When a doctor checks your heartbeat, have you ever wondered how it stays so regular? Or what's gone wrong when someone has to get a pacemaker? When it comes to the heart, timing is critical. Without a strong heartbeat, blood can't get to where it needs to go, and a heartbeat needs to be steady in order to be strong.
To understand what sets the beat of your heart, and why that rhythm is so important, it's first helpful to understand what exactly a heartbeat is and what it does.
A "beat" is a contraction of the heart. Each time a section of the heart contracts, it forces blood from one point to another. It goes like this:
- When blood returns to the heart from the rest of the body, it flows into the right atrium (1). The blood has been supplying oxygen throughout the body and needs a refill.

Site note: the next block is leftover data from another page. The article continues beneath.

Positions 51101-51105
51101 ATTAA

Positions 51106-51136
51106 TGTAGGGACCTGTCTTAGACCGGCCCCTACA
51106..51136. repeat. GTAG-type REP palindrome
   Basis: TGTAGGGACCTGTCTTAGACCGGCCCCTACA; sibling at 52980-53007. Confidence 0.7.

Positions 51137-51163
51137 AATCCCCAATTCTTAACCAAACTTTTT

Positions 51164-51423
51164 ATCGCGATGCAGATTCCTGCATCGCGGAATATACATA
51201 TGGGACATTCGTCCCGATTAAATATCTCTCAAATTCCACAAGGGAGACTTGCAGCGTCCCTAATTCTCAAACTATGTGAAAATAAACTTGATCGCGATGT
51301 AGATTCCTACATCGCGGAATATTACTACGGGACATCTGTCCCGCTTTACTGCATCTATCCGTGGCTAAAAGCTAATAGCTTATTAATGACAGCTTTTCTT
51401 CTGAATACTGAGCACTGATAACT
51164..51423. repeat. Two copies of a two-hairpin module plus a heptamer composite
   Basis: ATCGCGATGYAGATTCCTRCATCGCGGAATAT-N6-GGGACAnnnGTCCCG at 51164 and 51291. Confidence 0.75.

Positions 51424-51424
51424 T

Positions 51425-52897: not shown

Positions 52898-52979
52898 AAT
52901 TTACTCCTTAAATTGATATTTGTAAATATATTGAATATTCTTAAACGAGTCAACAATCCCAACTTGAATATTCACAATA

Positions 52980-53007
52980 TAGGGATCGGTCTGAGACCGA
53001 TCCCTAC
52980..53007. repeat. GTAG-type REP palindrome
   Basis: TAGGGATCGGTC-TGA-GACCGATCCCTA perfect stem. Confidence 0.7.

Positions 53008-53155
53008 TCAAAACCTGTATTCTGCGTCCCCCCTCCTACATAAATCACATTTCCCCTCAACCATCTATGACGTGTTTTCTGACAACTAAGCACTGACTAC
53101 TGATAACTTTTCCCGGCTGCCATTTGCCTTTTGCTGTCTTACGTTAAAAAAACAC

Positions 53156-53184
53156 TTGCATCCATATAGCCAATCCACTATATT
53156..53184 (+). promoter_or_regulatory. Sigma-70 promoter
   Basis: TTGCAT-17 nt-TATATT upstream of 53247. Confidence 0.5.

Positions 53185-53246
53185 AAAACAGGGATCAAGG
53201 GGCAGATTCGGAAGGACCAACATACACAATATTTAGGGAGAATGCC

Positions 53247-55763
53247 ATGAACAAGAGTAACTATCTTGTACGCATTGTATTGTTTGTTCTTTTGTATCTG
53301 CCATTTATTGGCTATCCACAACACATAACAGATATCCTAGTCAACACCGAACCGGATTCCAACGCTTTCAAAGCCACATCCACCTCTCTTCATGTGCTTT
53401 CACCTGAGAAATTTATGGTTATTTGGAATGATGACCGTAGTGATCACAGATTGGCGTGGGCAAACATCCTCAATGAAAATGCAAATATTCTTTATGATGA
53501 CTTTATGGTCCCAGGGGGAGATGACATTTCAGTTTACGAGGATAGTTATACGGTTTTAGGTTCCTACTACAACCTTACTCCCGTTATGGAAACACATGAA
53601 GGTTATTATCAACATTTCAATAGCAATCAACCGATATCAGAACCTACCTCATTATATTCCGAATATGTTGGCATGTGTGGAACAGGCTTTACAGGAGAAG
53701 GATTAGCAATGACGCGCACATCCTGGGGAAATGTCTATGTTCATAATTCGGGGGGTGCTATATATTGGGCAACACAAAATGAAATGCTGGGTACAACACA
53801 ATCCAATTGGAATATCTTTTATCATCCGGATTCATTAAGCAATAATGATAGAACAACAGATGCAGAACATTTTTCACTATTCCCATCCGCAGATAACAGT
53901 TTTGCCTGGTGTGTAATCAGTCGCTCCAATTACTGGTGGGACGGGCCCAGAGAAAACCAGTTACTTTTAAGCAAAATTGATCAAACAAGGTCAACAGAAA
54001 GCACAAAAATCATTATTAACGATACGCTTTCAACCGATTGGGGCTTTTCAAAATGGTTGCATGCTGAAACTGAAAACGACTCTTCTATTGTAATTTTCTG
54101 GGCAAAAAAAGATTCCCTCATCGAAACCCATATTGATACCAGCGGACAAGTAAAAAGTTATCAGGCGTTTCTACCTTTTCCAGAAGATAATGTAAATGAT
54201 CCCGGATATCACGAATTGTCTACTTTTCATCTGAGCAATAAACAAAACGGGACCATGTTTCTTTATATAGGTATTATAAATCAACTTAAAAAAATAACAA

- The right atrium fills with this blood, which then flows into the right ventricle (2), as well. The right ventricle is going to send the blood into the lungs for an oxygen fill-up.
- To get as much blood into the right ventricle as possible, the right atrium contracts, pushing all of the blood down into the ventricle.
- Once the right ventricle is full, it contracts, forcing the blood into the lungs.
- Once the blood has picked up oxygen, it moves from the lungs to the left atrium (3), and then down into the left ventricle (4). The atrium contracts and then the ventricle contracts, like on the right side.
- The right and left atriums actually contract at the same time. The right atrium pushes oxygen-low blood into the right ventricle, and the left atrium pushes oxygenated blood from the previous cycle into the left ventricle.
- When the left ventricle contracts, it sends the blood to the rest of the body.
- The blood eventually returns to the right atrium, low on oxygen, and the process starts again.
In each heartbeat, the atrium has to contract first, or else the ventricles will be low on blood and their contractions won't be effective.